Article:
Wednesday, June 13, 2012

Commercial Property Managers - Tips for Talking to Landlord Clients


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Connect with your Landlord Clients

When you work as a commercial property manager you will come across many different landlords owning diverse properties.  All of those clients will have different points of focus when it comes to property performance and communication.

Typically you will find that the clients full set their own rules regards income, expenditure, lease negotiation, and property performance.  There is however some things you can do to optimise the relationship and communication with the landlords that you act for.  A positive relationship encourages property stability and optimisation of the tenancy mix.  In times of a tough property market these two factors are perhaps more important than anything else.

Here are some tips to help your strategies with your clients.


  1. The reports to your client should occur on a regular basis.  Certainly the end of month report should be comprehensive and containing a summary of all activities during the month.  This should accompany the financial reports for the property.  Always check the financials before you send them out.
  2. The lease strategy and the tenancy mix within the property will underpin the cash flow and lessen the vacancy factors.  They should be a particularly strategy with regard to the landlords property.  They should set some rules with you regards typical lease term, types of rental, incentives to be offered, and the processes of lease documentation.  It may be that the client requires certainly times to consider a lease proposal.  They may also have particular solicitors that they use for the relative lease documents.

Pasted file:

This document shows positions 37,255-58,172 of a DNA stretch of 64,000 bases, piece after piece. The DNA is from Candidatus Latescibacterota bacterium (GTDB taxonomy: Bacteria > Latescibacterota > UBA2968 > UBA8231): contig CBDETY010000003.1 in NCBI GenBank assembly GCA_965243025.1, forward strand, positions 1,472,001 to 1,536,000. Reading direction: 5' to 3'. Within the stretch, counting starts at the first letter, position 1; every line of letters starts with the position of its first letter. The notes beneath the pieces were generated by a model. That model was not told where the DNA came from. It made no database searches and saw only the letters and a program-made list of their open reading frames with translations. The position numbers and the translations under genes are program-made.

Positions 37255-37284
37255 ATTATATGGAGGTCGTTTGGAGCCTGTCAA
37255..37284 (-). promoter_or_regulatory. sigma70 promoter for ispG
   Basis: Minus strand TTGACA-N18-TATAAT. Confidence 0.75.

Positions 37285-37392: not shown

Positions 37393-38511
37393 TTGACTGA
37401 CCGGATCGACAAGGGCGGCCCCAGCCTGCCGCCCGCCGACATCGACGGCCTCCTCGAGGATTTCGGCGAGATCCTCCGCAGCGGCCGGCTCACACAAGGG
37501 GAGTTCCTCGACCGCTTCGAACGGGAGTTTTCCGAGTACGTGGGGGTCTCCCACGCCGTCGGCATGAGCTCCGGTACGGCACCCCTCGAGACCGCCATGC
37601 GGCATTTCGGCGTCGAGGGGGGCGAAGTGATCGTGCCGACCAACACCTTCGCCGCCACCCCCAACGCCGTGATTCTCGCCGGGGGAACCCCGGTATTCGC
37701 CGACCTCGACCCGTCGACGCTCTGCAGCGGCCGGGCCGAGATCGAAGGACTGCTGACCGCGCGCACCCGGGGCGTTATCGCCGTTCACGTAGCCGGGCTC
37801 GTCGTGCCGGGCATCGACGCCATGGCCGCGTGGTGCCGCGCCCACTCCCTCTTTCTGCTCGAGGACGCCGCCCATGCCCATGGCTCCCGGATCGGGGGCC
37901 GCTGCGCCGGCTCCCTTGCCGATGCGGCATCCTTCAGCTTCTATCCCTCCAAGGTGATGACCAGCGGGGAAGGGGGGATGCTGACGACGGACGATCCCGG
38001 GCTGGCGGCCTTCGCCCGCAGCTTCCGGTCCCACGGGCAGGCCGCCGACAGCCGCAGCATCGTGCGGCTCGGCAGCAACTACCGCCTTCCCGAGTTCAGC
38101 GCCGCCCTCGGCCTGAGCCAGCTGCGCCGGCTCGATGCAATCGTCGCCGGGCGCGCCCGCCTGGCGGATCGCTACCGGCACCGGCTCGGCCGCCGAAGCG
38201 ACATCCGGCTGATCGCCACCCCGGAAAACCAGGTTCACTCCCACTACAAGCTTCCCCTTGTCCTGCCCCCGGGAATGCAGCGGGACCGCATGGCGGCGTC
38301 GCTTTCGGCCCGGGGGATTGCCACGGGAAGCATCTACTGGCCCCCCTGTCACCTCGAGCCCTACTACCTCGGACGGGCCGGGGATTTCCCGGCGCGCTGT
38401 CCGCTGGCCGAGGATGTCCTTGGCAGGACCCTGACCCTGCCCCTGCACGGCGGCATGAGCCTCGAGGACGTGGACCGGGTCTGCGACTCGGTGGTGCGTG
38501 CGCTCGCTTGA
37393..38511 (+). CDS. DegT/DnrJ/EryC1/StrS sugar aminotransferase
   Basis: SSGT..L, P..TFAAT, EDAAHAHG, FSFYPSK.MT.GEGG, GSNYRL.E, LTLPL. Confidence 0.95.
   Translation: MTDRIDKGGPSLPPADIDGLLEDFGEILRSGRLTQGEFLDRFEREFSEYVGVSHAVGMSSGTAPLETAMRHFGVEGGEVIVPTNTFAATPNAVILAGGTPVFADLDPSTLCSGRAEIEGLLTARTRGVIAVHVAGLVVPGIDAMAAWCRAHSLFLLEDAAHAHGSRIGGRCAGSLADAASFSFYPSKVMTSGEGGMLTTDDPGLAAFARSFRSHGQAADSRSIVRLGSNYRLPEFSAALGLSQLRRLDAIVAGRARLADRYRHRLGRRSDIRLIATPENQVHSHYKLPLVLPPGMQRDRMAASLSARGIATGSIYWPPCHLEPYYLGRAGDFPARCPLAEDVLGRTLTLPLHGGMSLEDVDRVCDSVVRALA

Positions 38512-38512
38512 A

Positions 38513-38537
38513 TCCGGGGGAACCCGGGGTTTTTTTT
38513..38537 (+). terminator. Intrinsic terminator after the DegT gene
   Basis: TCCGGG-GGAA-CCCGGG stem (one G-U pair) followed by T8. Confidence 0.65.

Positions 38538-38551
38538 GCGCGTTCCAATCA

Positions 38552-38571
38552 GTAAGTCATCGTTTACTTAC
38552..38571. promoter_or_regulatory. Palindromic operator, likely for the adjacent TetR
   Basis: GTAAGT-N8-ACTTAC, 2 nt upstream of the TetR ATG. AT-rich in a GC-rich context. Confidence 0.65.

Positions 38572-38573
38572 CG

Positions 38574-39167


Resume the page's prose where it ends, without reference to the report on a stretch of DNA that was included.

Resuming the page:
3. Income updates should occur on a weekly basis.  As part of that process, you can advise the landlord of the status of any arrears.  When the property market gets tougher, the arrears tend to escalate and require strict management procedures.  The weekly updates that you sent to the client should be in writing as a record of the recent property activity.
  4. Expenditure summaries would normally be prepared at the end of the month and accompany the financial reports for the property.  That being said, any expenditure that is paid during the month should be in keeping with the authorities of the landlord and the approved budgeted cash flow for the property.
  5. Vacancy updates should occur on a weekly basis.  They will include an analysis of the surrounding property market so that the client understands the supply and demand of lettable space in the local area.
  6. Market trends are always changing.  On a monthly basis you can give the client a market update to advise them of competing properties, vacancy levels, recent lease transactions, and any new property developments nearby.  A fully informed client will allow you to facilitate easy and fast negotiations when any new leases come through.
  7. Tenant retention plans should be prepared for any client if the property they own involves more than one tenant.  The tenant retention plan should focus on the next two years and allow you to optimise the negotiations with key sitting tenants.
  8. If the property involves any anchor tenants, give due regard to the points of focus and importance that the anchor tenant brings to the property.  Any pending expiry of the anchor tenant’s lease should be negotiated as early as possible to give the property stability for the future.


This process of client dialogue is quite effective and efficient.  You can add to this list based on the property type and the levels of services that you should be providing to the client.